Nolan Denies White House Cover-Up of E-mails

July 7, 2008 - 8:25 PM

Washington ( - White House Counsel Beth Nolan refuted before the House Committee on Government Reform Thursday allegations that a "zip drive" belonging to one of the Northrop Grumman employees contained any new, undisclosed e-mails that could possibly be under subpoena by federal investigators and at least three congressional committees.

Nolan said recent media reports that the computer zip drive belonging to Robert Haas, a Northrop Grumman subcontractor assigned to oversee the White House e-mail system, does contain new e-mails is wrong but instead is only a copy of a search conducted on one of his computer drive systems.

In response to questioning by committee members Nolan said, "The zip drive in question simply contained a copy of the search file that Haas had previously placed on the F drive of his computer."

To say it contains "previously undisclosed e-mails is wrong," Nolan told ranking minority committee member Rep. Henry Waxman (D-CA).

Nolan was also questioned about a possibly false affidavit filed by a White House computer specialist with help from its in-house lawyers.

Committee Chairman Dan Burton (R-IN) on Wednesday sent a criminal referral to the Department of Justice accusing White House lawyers of being deceptive and helping a White House computer specialist file a false affidavit.

In his letter to DOJ Burton said that the computer specialist, Daniel Barry may have committed perjury in his affidavit for a lawsuit when swore that "e-mail within the EOP (Executive Office of the President) system ... has been archived in the ... Automated Records Management System."

Nolan told Burton that the court affidavit was essentially true in its description of how the White House archives e-mail even though Barry did not disclose that over 100,000 messages were missing and not archived as required by law. Nolan argued that some e-mail was archived "but some e-mail was not captured."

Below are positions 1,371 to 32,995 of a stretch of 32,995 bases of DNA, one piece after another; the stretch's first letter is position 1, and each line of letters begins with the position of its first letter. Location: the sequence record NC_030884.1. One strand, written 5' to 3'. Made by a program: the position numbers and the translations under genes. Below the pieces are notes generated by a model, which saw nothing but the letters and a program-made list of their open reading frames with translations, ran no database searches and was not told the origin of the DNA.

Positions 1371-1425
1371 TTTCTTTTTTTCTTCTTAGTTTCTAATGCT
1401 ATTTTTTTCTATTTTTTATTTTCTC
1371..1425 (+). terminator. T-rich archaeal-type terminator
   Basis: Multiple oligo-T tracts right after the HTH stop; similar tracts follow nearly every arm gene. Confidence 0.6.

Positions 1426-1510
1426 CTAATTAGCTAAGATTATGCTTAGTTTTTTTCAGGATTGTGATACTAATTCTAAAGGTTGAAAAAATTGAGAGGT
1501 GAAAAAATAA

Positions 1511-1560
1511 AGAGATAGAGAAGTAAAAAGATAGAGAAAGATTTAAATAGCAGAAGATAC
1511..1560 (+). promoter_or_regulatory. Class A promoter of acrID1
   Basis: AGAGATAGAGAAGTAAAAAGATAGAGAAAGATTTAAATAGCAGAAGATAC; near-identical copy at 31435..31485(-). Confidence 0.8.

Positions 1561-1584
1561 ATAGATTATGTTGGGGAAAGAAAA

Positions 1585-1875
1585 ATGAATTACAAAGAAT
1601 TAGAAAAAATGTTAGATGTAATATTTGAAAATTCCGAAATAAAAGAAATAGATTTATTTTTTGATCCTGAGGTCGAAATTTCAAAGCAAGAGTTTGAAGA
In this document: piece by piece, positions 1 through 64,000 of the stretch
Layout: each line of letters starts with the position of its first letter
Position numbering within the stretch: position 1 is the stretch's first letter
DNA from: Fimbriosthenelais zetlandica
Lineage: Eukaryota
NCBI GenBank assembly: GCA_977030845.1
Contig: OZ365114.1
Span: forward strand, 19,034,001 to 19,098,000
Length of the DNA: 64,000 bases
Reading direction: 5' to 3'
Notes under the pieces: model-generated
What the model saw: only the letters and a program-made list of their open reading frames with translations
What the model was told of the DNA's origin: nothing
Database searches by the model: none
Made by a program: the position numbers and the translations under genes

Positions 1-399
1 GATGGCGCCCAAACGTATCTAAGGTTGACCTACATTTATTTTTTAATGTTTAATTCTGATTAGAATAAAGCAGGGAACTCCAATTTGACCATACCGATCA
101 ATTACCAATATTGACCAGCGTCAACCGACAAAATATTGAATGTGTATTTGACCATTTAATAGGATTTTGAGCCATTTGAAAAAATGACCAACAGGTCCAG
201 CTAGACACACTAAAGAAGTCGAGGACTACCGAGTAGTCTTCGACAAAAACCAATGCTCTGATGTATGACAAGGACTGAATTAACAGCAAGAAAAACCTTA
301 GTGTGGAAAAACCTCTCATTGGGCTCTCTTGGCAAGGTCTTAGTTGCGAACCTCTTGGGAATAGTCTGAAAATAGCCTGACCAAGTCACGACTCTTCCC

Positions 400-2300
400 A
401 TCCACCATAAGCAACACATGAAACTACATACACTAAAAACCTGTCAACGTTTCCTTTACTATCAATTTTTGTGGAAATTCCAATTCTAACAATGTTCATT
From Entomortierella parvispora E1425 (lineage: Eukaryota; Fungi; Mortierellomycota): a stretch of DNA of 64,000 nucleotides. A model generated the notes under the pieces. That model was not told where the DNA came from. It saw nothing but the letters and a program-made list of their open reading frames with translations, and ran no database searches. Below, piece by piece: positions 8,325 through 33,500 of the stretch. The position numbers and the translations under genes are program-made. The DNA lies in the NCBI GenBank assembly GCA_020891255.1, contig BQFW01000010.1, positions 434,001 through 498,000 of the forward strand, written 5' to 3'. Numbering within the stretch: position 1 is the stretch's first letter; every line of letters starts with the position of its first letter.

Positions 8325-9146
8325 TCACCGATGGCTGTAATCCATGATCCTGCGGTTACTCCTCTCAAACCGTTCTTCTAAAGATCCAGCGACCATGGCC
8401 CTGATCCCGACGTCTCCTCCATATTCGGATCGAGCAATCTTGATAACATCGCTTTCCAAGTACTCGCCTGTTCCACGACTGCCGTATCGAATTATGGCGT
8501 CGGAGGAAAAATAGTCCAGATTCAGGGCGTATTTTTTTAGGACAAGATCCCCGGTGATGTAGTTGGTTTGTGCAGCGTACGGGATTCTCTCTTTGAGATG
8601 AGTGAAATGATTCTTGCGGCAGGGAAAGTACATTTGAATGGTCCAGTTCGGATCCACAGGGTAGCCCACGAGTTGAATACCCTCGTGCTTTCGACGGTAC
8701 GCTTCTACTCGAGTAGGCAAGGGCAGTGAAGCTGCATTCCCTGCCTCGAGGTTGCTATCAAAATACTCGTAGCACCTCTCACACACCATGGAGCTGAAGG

Burton disagreed with Nolan and said the affidavit was deceptive because it did not refer to any problems with the e-mail system.

Nolan said Barry's affidavit was given in connection with events that happened early in the Clinton administration and had nothing to do with the e-mail problem.

Rep. Bob Barr (R-GA) suggested Nolan was coming up with a legal theory to explain away a false affidavit.

Nolan denied she was trying to cover for Barry's affidavit and told Barr she was trying to place it in "context."
Nolan, along with DOJ lawyer Robert Raben told committee members they did not know who had helped Barry prepare his affidavit.

At this point Burton told Raben and Nolan, "It is inconceivable you come up here and not have any of the answers." Raben then promised Burton he would find out who was responsible for the affidavit.

Burton said he is "concerned" that the attorneys who counseled and helped Barry prepare his affidavit were aware that the information was misleading.

He added that lawyers in the White House counsel's office are possibly "involved in this deception."

White House maintains it did not learn of the computer glitch until 1998 and the missing e-mails did not become public knowledge until February when a lawsuit filed by Judicial Watch over the White House's gathering of gathering of FBI background files of Republican appointees from past administrations.

Nolan told the committee it may take 170 days to reconstruct e-mail back-up tapes and conduct a thorough search, and that there are 625 back-up tapes for Vice President Al Gore's office alone, which may contain information on the DOJ's investigation of illegal campaign fundraising.

Until Thursday the White House and Gore's office said it could take as long as two years to reconstruct the e-mails. Gore has denied any knowledge of problems with his e-mail system and said his e-mails will not contain any information regarding alleged campaign fundraising abuses by him or other members of his staff.